To test its trucks and vans on the roughest terrains possible without roughening up and hurting the test drivers irrevocably, Ford developed a special robotic team to endure day-to-day the inevitable danger and tedium on the bumpy tracks.
On Ford's testing grounds in Romeo, Michigan, inconspicuous-looking vehicles daily bounce through several obstacle-laden tracks. Only when you inch closer, you will discover that the driver’s seats are empty—except for the robotic arms propped up by the gear, the brake, and the steering wheel.
Remotely controlled by Ford’s control center, these robots can keep driving in a straight line at the same designated speed again and again, even after they have been asked to drive through the same route thousands of times in order to collect more data and better improve the vehicle’s levels of safety and durability. The terrains these robot drivers are responsible to test on include steep concrete curb edges as well as deep ditches in the snow, all too hazardous for the human body to take for long.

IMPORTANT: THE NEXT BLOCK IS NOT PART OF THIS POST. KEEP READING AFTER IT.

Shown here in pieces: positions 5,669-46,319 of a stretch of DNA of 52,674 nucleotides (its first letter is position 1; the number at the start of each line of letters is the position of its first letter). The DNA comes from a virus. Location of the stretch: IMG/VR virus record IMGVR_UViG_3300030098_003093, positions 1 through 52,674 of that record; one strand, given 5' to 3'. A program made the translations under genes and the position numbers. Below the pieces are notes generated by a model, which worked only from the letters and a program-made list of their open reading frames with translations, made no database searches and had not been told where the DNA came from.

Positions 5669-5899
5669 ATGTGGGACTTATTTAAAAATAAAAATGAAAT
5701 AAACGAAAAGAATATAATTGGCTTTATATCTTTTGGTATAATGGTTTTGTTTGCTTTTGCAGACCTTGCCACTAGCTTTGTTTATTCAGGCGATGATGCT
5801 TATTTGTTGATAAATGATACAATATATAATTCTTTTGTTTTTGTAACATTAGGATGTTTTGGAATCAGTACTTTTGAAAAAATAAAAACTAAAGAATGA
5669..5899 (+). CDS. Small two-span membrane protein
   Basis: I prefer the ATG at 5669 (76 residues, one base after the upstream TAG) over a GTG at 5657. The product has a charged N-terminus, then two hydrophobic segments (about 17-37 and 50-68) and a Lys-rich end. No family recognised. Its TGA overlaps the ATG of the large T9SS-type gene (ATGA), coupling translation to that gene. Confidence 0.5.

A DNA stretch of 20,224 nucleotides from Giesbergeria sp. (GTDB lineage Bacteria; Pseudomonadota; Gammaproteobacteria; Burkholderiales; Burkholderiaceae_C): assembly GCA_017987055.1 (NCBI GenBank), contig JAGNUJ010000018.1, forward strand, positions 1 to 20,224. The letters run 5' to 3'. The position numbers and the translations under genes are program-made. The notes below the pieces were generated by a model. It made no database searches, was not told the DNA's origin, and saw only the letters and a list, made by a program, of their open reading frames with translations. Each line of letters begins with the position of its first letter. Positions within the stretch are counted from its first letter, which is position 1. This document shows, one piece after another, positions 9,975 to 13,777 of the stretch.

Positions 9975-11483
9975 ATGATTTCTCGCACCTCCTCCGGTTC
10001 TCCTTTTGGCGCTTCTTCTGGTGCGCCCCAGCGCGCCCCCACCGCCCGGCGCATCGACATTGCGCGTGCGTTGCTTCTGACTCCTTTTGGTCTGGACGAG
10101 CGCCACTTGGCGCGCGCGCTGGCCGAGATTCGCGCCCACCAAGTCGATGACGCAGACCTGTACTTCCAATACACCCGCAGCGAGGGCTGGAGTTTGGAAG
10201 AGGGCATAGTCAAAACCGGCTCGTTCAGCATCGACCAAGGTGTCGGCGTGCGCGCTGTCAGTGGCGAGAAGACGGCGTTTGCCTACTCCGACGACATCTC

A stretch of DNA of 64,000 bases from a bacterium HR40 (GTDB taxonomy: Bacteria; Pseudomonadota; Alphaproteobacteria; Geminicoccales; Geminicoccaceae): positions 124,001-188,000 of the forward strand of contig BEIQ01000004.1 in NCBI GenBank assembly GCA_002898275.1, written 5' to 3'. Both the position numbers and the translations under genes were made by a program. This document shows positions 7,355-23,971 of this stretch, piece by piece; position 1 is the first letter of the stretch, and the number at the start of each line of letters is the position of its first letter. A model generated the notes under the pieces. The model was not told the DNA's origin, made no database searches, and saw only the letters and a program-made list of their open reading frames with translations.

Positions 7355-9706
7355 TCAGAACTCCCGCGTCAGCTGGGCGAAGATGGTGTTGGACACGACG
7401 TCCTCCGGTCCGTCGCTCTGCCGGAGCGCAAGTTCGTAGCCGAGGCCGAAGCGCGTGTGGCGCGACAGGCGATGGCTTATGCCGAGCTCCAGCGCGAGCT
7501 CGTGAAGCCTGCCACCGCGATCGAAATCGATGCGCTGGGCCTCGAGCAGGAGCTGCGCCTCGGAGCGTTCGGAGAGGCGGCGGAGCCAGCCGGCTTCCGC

Currently, test drives are still mostly manned by human drivers, since their robotic colleagues can’t exactly inform the engineers that the seating feels "uncomfortable" or that the steering “just feels wrong.” Still, when it comes to the necessary driving “life on the edge," Ford's robotic team makes a large and appreciable contribution along the way.